It’s a smart move on Lotame’s part, and one that deserves praise. But as often is the case, I’m still left with a few questions, answers to which I hope Lotame can provide. (I’m posting these questions on their site as well.)
Here’s how the policy changes are explained in Lotame’s announcement:
Here are some areas requiring clarification:
1. Is Lotame incorporating by reference the NAI policies in their entirety, as written and interpreted by the NAI? I don’t recall seeing that approach in many other privacy policies.
Substantively, it is of course helpful for consumers to know that a particular ad network is abiding by a standard like NAI’s rules. But it is not helpful when a consumer has to undertake a research project to figure out what those policies may be. In this case, Lotame’s link to the NAI site still leaves the consumer to find and interpret the NAI’s policy document (a PDF that is, for some reason, buried in the news release section of the NAI site, rather than in the over view of principles).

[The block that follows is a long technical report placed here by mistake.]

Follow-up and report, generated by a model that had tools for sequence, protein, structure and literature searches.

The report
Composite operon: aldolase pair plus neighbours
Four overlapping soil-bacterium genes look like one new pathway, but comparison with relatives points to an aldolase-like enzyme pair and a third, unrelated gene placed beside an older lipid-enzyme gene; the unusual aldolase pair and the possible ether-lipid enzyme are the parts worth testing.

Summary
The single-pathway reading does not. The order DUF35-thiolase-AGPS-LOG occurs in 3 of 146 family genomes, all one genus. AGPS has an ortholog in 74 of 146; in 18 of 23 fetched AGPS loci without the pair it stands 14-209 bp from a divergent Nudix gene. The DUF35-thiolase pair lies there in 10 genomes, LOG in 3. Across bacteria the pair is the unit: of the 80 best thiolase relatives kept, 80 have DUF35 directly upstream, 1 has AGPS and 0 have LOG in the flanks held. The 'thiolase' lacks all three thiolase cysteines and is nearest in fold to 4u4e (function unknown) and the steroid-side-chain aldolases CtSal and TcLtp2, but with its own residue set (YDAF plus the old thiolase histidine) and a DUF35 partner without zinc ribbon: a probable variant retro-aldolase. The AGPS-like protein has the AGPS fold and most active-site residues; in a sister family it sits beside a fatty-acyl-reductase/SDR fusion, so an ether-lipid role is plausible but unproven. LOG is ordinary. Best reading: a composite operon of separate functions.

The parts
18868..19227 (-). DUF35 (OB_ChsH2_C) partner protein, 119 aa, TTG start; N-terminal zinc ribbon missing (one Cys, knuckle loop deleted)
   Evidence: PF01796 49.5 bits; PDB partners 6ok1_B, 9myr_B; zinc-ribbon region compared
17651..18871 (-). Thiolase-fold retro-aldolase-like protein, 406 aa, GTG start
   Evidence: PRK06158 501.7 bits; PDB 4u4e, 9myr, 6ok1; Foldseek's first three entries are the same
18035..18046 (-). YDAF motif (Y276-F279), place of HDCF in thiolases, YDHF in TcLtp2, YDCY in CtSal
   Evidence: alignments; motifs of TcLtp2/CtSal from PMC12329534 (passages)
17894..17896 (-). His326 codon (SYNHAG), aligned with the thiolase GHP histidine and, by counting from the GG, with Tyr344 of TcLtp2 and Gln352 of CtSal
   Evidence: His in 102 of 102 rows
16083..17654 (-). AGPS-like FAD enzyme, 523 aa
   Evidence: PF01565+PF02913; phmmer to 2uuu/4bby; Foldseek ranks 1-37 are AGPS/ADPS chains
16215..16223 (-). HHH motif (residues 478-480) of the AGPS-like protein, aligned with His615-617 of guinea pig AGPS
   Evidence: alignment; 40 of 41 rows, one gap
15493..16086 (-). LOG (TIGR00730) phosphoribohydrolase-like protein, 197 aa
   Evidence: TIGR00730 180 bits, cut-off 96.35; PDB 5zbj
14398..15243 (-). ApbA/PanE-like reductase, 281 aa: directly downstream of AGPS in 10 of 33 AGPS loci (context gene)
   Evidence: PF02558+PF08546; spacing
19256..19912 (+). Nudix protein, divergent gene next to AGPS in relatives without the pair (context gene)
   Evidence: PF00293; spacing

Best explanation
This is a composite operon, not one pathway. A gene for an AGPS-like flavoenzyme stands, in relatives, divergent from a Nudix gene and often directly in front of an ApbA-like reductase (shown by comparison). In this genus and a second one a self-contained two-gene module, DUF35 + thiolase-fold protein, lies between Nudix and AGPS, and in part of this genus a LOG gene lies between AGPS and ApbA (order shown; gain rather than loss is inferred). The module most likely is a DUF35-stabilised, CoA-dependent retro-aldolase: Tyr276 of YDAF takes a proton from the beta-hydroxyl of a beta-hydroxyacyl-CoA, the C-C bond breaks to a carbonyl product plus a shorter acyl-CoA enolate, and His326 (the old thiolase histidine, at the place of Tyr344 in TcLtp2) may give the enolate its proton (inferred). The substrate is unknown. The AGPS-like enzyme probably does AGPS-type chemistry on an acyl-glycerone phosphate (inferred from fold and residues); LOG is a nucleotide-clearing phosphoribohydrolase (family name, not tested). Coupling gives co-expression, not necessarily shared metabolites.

In short, incorporating the NAI principles by reference this way is a very weak way to inform consumers of Lotame’s privacy policies. In fact, it would be hard to say that it satisfies the NAI’s requirement in the policies themselves that each member “clearly and conspicuously” post their policies on their website.
2. A change in the policy that is not mentioned specifically in Lotame’s announcement is the deletion of the following language from the previous policy statement:
In addition, we do not tailor ads based on behavioral categories that are deemed sensitive by the Network Advertising Initiative (NAI).
The Lotame experience highlights a few lessons when it comes to changes in privacy policies. Most important, privacy policies should be versioned on websites (as Google now does), and marked to show changes from the prior version. This is particularly important when the date of a policy change may affect acceptable practices with information collected before or after that date, a situation expressly contemplated by the NAI.